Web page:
The Gift of Inertia

I have been thinking about this a lot lately.

Why is it that some of us are feeling more tired now that we have been ‘asked’ to stop in an attempt to control the spread of Coronavirus?

It’s certainly more than a physical response to the world and the ‘new normal’ around us – it is the symptoms we might display, but also in the words and phrases we use to describe how we are feeling.

Perhaps it is the notion that now we are not seeming to be overly governed by the ticking clock and pressures of deadlines…. the urgency to have things done…..

and it takes the focus of our collective consciousness elsewhere.

It brings to mind the sensation you may feel once you have stepped off a moving train once it pulls into the station.

When you are on the train you are reliant on the driver to get you from one destination to another in safety. You might take the time to read, talk, sleep, knit, do a crossword, catch up on emails or scroll through your social media accounts in comfort while the train glides along the tracks to the next station.

In that moment, when you are comfortable it may be an opportunity to relax and let your mind wander wherever it wants to go – as it lulls you to pause and breathe…

But when traveling in a train or any other vehicle, have you noticed how you continue to move forward when it stops, especially if it stops abruptly?

In my thinking about this I just kept getting a slow motion image of the carriage in front of the wheels momentarily until the adjustment is made..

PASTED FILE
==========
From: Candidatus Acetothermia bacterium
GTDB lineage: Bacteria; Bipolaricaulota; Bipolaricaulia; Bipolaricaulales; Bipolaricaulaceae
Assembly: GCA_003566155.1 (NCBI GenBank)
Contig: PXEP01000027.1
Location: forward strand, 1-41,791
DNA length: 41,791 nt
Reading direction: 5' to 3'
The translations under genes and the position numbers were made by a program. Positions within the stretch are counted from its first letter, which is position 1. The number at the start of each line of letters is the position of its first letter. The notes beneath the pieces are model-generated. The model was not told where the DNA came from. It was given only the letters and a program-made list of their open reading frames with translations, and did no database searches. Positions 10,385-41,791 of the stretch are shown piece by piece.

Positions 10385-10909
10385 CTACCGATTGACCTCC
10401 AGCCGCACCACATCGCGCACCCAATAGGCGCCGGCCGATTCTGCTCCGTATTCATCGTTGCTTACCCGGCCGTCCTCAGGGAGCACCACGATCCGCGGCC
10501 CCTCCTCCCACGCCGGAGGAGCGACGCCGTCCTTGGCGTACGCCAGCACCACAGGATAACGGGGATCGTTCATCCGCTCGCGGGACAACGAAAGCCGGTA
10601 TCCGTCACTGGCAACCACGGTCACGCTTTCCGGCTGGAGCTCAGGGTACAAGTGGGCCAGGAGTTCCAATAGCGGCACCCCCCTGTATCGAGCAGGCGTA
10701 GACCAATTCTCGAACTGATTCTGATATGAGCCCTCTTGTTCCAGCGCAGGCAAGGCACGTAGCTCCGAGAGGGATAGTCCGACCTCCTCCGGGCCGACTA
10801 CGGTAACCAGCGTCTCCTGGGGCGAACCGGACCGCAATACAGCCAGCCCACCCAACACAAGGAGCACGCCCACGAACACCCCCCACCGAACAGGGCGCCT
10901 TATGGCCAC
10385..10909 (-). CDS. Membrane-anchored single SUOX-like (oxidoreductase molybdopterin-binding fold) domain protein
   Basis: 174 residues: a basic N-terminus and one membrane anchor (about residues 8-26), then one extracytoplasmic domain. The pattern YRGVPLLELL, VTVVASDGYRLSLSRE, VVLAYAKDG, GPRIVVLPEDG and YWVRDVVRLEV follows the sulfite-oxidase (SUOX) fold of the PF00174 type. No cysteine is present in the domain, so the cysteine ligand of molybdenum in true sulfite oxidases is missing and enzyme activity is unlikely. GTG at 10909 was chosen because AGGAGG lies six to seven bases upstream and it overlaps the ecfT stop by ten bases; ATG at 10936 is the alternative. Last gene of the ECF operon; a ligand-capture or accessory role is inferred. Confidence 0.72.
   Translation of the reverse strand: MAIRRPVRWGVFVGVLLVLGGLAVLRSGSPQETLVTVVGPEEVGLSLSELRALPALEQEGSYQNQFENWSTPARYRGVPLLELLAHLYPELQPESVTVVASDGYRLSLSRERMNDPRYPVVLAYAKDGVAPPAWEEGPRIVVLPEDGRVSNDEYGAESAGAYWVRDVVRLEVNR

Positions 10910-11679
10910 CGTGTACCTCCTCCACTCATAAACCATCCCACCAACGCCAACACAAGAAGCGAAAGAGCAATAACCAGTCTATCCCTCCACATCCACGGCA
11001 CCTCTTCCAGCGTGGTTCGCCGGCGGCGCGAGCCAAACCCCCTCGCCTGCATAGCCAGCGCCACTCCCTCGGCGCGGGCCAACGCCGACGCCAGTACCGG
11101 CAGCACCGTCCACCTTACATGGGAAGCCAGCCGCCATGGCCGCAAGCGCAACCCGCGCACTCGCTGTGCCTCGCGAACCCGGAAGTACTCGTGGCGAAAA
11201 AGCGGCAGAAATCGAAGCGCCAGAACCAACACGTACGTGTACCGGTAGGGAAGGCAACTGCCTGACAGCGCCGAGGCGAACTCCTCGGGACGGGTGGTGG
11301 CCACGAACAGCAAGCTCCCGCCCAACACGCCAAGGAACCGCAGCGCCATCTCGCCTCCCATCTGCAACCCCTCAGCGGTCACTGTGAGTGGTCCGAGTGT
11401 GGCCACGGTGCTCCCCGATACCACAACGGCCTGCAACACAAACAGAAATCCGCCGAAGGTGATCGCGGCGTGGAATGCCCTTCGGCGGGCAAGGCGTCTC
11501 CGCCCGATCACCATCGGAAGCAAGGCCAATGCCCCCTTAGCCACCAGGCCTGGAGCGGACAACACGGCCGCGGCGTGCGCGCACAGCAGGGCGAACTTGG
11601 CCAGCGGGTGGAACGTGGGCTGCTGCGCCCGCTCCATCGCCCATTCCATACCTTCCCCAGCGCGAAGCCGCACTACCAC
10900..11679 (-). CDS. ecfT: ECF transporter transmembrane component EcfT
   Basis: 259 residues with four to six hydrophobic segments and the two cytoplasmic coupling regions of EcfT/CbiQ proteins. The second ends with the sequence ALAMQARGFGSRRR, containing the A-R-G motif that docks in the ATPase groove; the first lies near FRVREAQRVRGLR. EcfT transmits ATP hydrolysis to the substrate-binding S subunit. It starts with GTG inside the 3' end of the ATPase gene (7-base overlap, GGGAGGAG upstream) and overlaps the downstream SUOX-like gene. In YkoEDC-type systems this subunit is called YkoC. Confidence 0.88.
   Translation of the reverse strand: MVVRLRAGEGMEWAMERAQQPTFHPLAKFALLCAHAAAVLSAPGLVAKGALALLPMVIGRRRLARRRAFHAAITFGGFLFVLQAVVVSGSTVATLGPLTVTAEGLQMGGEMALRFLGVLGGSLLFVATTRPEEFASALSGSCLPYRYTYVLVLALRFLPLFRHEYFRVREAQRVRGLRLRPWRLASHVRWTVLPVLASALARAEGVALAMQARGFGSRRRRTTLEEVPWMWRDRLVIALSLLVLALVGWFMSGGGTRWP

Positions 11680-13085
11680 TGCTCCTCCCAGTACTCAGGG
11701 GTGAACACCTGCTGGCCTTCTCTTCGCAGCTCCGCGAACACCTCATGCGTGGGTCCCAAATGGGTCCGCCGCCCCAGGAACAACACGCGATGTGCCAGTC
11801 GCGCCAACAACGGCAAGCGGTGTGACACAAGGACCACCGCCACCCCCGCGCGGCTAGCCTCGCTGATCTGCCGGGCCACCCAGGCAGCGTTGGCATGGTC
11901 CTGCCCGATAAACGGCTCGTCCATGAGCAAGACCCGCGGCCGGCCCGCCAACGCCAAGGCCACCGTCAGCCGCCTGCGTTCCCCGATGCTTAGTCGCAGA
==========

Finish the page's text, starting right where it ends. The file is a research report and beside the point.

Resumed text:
(in the blink of an eye) to ‘correct’ the weight distribution once again.

Knowing that this is described as inertia I decided to investigate an actual definition of what IT IS with respect to the laws of physics.

Seeking a simplistic explanation, that appeals to all of my senses as a Preschool Teacher, I found this children’s website to help.

‘The phenomenon occurs because of Newton’s First Law of Motion: An object at rest (or motion ) will continue to be in the same state unless acted upon by an external force. Which means objects tend to “keep on doing what they’re doing,” unless disturbed.’

Leading back to my wonderings about time and the construct of time – especially as we are experiencing different levels of isolation and lockdown the world over – I have found myself processing this experience as an invitation to reflect, pause and establish the direction of my life.

A chance to really consider my personal values, goals and dreams for the future.

What a gift – to have more of what we feel that most of us feel we have had little to no control over in the recent past…time to read, talk, sleep, knit, do a crossword, catch up on emails or scroll through your social media accounts in comfort while the train glides along the tracks to the next station.

This is turn, gives us hope that we continue to value our time as we value ourselves…to discover what is most important and we will continue to pursue when the physical restrictions have lifted once again.

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